Its called football! Football is a violent, tough sport and its not for everybody, especially if your moral compass is not in order. Any illegal action, outside funding, third party involvement, denials, insubordination, failed cover-ups and final admissions about any Bounties has no place in the NFL or any sport for that matter.

Next Up: Kangaroo Court -- The real story of Kitties, their inception and how they came about in the NFL. Then, the NFL is not a get mad league, it is a get even league Things are settled on the field, not by any bounties.

Trubisky on NFC North QBs: 'Bring 'em on'

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USA Today

Trubisky on NFC North QBs: 'Bring 'em on'

The NFC North was recently dubbed the most talented quarterback division in the NFL largely because of Aaron Rodgers, Kirk Cousins and Matthew Stafford.

Bears starter Mitch Trubisky may eventually be viewed as an elite quarterback someday, but his average rookie season has created some doubt among analysts about whether he'll ever be that guy.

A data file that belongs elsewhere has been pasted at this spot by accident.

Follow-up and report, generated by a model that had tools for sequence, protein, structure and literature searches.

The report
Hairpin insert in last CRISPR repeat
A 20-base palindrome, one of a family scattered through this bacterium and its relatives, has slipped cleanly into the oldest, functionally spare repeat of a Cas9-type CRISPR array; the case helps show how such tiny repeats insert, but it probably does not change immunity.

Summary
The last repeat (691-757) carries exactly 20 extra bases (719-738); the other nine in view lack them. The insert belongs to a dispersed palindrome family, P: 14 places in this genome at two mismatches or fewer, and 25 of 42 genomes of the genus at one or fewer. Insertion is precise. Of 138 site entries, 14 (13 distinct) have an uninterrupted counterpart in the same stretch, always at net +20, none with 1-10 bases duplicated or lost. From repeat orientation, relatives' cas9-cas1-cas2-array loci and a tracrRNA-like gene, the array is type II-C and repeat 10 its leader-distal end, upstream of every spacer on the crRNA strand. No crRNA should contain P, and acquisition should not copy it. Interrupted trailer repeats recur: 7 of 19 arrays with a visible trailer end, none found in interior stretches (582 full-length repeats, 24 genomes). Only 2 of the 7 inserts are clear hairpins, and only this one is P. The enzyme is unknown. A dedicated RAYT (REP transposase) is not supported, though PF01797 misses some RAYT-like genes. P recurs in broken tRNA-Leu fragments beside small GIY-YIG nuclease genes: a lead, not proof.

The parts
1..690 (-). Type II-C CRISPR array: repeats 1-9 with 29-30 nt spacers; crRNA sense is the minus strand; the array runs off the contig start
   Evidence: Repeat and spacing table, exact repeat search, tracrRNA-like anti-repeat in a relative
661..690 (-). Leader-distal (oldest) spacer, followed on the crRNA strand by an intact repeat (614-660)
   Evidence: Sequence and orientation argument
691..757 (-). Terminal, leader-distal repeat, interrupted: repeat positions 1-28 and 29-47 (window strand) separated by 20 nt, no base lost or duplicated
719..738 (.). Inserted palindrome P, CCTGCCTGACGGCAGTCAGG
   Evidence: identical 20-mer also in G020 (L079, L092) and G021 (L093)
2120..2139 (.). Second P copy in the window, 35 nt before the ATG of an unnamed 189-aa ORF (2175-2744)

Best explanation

In a recent sit-down with Bleacher Report's Tyler Dunne, Trubisky said he isn't concerned with outside opinion, nor is he intimidated by the resumes of his NFC North counterparts.

"I've realized that these people you look up to—watching Aaron Rodgers, watching Tom Brady—they're humans just like I am," Trubisky told Dunne. "They can make mistakes. They're just people. We've all been through similar things to get to where we are now. ... As a competitor, you want the biggest, tallest challenge you can possibly ask for.

"So, yeah, give me the division with Aaron Rodgers, Stafford and Kirk Cousins. Bring 'em on."

Trubisky's confidence has been evident this offseason. There's no doubt who the Bears' leader in the locker room is. Just ask Kyle Long.

Still, he's not without his critics, something he said he doesn't consume himself with.

"Why would I be worried about what anybody has to say on the outside?" he said. "You're sitting in a chair talking into a microphone. I'm in the war. I'm in the middle of the hurricane."

Trubisky's name is consistently mentioned after DeShaun Watson and Patrick Mahomes whenever the 2017 quarterback class is discussed and few -- if any -- experts expect him to be the best of the three.

But none of that matters. All Trubisky has to be is a winner in Chicago, and he certainly has the confidence needed to get there.